Problem solving involves identifying, analyzing, and finding solutions to issues or challenges. In the context of the video, it is argued that humans have a unique ability to solve problems by building mental models and reasoning, which is currently beyond the capabilities of AI and LLMs.

💡Operational Management

Operational management refers to the daily management and operation of a system or process. In software engineering, this includes managing what happens once the software is deployed, such as handling downtimes, security issues, and production management.

💡Iterative Process

An iterative process is one that is repeated with the intention of improving and refining the output with each cycle. In software engineering, this means that solutions are not static; they evolve as new information and requirements emerge.

💡Formal Algorithmic Proofing

Formal algorithmic proofing is a method of mathematically proving the correctness of algorithms. It is a complex and challenging field because ensuring that a solution is correct requires rigorous validation and can be extremely difficult.


In the context of AI, agents refer to systems or programs that can perform tasks autonomously, often in response to user input or environmental changes. They can assist in various tasks but are not yet capable of taking over the full range of responsibilities that a human can.

💡AGI (Artificial General Intelligence)

AGI refers to a type of artificial intelligence that possesses the ability to understand, learn, and apply knowledge across a wide range of tasks, just like a human being. It is a hypothetical form of AI that has not yet been achieved and represents a significant leap beyond current AI capabilities.


Re-architecture refers to the process of redesigning or re-structuring the architecture of a system to improve its performance, efficiency, or to meet new requirements. In the context of AI, this could mean rethinking the fundamental design of AI models to enable them to achieve higher levels of intelligence and capability.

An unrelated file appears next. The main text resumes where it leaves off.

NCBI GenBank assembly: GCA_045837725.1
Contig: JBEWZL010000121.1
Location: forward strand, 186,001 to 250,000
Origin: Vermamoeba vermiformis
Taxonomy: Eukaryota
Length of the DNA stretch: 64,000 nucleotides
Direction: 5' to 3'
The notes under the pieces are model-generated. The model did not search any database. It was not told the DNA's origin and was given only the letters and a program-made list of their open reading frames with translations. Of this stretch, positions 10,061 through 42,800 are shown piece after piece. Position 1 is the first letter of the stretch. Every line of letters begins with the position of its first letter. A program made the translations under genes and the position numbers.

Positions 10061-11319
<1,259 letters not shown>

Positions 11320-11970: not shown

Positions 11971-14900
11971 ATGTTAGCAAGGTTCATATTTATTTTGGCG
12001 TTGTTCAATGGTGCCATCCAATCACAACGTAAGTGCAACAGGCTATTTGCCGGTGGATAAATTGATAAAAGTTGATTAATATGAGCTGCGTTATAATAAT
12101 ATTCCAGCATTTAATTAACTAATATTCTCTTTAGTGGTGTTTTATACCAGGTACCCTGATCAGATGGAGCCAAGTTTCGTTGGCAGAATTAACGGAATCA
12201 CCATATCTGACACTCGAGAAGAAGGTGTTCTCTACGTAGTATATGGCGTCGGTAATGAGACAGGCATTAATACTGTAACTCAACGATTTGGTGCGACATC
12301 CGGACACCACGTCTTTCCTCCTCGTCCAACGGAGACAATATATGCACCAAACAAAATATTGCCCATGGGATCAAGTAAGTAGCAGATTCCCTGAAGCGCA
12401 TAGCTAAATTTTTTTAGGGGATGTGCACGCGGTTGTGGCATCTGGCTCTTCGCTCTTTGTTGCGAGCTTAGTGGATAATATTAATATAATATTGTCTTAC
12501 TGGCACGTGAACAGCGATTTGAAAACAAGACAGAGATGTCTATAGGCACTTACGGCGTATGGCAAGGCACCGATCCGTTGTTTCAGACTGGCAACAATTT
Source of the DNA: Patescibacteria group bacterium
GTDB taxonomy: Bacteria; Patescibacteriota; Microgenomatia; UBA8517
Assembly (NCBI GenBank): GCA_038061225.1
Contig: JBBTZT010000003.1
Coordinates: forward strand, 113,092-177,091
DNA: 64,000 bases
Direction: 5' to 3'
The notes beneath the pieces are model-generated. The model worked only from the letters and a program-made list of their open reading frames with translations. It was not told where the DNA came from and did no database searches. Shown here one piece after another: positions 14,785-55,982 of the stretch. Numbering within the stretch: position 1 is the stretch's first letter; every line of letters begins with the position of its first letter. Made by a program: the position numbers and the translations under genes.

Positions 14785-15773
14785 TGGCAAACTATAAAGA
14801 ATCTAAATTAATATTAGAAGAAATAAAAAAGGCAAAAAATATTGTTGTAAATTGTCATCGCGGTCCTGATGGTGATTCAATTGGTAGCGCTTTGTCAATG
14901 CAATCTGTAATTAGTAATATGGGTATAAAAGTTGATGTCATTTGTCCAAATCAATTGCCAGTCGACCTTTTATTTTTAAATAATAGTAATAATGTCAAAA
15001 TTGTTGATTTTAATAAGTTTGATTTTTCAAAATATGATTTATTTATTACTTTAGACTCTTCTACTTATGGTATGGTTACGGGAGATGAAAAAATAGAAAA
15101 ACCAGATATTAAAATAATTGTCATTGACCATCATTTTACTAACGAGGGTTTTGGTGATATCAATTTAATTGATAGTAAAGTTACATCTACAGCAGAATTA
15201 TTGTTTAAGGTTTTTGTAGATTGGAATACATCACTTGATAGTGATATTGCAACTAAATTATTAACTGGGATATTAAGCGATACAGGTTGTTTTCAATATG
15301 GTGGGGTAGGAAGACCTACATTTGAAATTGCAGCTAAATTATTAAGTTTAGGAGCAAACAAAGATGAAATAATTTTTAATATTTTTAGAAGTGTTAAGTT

💡Socioeconomic Models

Socioeconomic models are frameworks that describe the economic and social aspects of a society, including how resources are produced, distributed, and consumed. These models help in understanding the dynamics of a society and predicting future trends.


Software engineering is more than just coding and closing tickets; it involves conversations with stakeholders, design compromises, and multiple stages of development.

AI maximalists believe that AI will replace software engineering, but this belief is challenged by the complexity and human-like reasoning required in the field.

AI models like LLMs (Large Language Models) can provide impressive answers but lack the ability to reason and solve problems in the same way humans do.

Humans can build a model of the world and interact with their environment without extensive training data, unlike AI models.

Software engineers assess the reasonableness of information found online and its impact on the problem at hand, which is beyond the current capabilities of AI.

Verifying the correctness of solutions is a difficult problem, and trusting AI to solve problems without verifying their solutions is risky.

The leap from LLMs to AGI (Artificial General Intelligence) may be greater than the leap from nothing to LLMs, and we may be reaching the limits of what scale can offer.

A re-architecture and integration of multiple architectures may be necessary for achieving AGI.

When AI takes over software engineering jobs, it will be a sign that we have created truly intelligent machines capable of reasoning and problem-solving.

The impact of AGI on society would be profound, requiring a reevaluation of socioeconomic models and the concept of jobs.

The potential of AGI to optimize for its own self-preservation could lead to existential risks for humanity.

Building depth in knowledge and specialization will help humans differentiate themselves from machines in the job market.

The short-term and medium-term future will bring exciting tools that enhance job efficiency and problem-solving at higher abstraction levels.

Calculators and computers have historically optimized tasks, and AI tools are expected to follow this trend of enhancing human capabilities.

Continued debates and conversations about AI's role in society and job displacement are crucial for understanding and preparing for the future.